A Leading Trend-Setter in Anti-Reflective Lens Technology: Katharine Blodgett
If you have ever purchased a pair of glasses, you were probably offered the option for an anti-reflective – also known as AR or anti-glare – coating on your lenses during the consultation process. But you may not have known – and still may not know – the purpose of an AR coating. An AR coating is applied to a lens to reduce reflection, which in turn improves visibility and contrast. Such coatings are also applied to other glass surfaces – like store windows, showcases, clock faces, car dashboards and camera lenses – so you can see directly through them. Although this clear or “invisible” glass technology is widely popular today, it is not new. In fact, it’s been around for nearly 80 years. Carl Zeiss patented the technique for the production of AR coatings on lenses, which forms the basis of standard procedures used today, in 1936. The first AR coatings were a German military secret used in confidential operations until the early 1940s.
In 1938, physicist Katharine Blodgett – the first female scientist hired by General Electric – patented the first AR coating for glass. Blodgett worked with Nobel Prize-winning research chemist Irving Langmuir, who created a technique for creating single-molecule thin films on the surface of water. Together, Blodgett and Langmuir explored using the technique on lipids, polymers and proteins, creating monomolecular coatings designed to cover surfaces of water, metal and glass. These special coatings were oily and could be deposited in layers only a few nanometers thick. Blodgett then discovered that by repeatedly dipping a metal plate into water covered by a layer of oil, she was able to stack oil layers onto the plate with molecular precision. After applying 44 monomolecular layers to a piece of glass, the glass allowed for the transmission of more than 99 percent of natural light, creating what became known as "invisible" glass. The visible light reflected by the layers of film eliminated the reflections created by the glass. This was the one of the earliest iterations of the AR coating.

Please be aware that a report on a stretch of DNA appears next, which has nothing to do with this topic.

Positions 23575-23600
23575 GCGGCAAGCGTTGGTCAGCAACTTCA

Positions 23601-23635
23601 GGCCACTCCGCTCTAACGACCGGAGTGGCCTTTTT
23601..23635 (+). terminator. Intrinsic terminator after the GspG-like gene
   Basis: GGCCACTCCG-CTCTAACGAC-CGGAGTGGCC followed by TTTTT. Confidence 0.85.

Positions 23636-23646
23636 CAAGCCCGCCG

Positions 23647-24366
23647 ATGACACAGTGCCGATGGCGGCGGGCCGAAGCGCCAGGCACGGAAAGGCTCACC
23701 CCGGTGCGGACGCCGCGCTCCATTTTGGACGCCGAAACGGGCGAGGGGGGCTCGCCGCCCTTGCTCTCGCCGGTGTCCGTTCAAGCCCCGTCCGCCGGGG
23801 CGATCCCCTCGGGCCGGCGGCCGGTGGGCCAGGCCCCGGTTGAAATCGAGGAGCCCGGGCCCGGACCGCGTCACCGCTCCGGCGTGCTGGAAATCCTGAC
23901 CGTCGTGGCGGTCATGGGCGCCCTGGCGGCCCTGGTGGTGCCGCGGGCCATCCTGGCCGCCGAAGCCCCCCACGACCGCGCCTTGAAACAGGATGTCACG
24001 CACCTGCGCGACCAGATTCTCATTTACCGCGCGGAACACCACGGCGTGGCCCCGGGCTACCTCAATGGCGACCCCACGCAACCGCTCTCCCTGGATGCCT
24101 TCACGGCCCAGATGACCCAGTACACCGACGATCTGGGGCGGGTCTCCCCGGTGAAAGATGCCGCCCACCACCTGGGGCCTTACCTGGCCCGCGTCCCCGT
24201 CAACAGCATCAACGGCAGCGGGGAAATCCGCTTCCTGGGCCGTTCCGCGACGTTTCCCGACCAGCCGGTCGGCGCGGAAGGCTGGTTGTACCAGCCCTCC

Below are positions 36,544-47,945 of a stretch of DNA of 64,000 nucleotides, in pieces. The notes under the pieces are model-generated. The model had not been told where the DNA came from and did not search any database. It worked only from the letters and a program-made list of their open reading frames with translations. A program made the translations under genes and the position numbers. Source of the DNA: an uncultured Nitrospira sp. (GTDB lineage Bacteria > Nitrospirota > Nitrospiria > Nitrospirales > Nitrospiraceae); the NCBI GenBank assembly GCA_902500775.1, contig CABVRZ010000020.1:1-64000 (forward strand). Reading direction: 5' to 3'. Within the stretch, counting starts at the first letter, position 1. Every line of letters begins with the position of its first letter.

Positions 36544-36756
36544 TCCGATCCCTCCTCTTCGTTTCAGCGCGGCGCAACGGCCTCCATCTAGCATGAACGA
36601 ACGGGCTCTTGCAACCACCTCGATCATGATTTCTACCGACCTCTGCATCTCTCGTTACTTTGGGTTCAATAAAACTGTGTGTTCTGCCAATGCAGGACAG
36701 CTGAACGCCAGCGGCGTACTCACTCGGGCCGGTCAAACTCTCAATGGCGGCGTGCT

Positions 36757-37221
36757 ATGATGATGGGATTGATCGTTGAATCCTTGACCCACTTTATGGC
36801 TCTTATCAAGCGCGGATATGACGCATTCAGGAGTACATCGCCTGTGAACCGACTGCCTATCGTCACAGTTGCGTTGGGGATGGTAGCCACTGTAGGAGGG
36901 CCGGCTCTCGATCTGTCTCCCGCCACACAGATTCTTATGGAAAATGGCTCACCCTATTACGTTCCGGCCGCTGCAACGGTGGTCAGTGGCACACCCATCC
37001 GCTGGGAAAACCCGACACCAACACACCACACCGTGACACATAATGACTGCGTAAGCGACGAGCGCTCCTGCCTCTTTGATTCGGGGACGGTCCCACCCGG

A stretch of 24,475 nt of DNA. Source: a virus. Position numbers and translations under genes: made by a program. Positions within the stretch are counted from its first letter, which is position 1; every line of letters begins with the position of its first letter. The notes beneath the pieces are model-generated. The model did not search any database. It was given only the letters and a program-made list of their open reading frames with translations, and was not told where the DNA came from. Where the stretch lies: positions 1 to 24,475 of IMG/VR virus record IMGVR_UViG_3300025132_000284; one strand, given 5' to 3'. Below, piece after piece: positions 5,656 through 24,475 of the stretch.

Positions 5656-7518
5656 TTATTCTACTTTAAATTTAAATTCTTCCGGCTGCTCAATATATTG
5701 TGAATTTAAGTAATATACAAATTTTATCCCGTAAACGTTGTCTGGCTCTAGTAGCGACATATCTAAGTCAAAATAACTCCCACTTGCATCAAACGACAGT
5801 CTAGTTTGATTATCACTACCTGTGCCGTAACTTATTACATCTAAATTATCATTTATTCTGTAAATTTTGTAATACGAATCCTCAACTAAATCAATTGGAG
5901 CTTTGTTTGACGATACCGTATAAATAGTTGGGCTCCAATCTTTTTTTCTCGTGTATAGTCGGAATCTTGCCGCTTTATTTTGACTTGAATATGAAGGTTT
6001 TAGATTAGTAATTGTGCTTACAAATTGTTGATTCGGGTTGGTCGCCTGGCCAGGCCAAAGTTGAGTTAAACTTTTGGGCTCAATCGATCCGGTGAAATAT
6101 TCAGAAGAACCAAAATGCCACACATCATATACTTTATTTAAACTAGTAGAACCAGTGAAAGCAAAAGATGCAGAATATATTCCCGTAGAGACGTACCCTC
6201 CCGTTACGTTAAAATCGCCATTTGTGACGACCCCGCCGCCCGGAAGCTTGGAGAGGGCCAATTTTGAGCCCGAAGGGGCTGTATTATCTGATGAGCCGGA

The first versions of “invisible” glass were not consumer friendly or conducive to mass production, as the oily, soapy film that eliminated the glare moving through the lens surface could easily be wiped away. That is not the case today. Modern AR coatings are applied by a method called vacuum deposition technology. Lenses are first cleaned and buffed so that no scratches, imperfections or dust remain. They are then heated to remove moisture and gas that may remain on the surface. Once the lenses are secured in a vacuum-sealed machine, beams of electrons are focused onto a small crucible that contains a series of metal oxides in separate compartments. When the coating materials are bombarded by electrons, they vaporize within the coating chamber and adhere to the surfaces of the lenses, creating a uniform, microscopically thin optical layer on the lens. This coating is imperceptibly thin and extremely durable, making lenses more water and scratch resistant, and smudge proof.
AR coating technology continues to evolve, making lenses less visible in their frames and more comfortable for the glasses wearer. Here is a comparison of glasses with and without anti-reflective lenses. The next time you visit your eye care provider and select your new glasses, consider anti-glare lenses and notice the improvement in your vision! For more information about lens treatments, visit http://www.thevisioncouncil.org/content/lens-treatments/adults.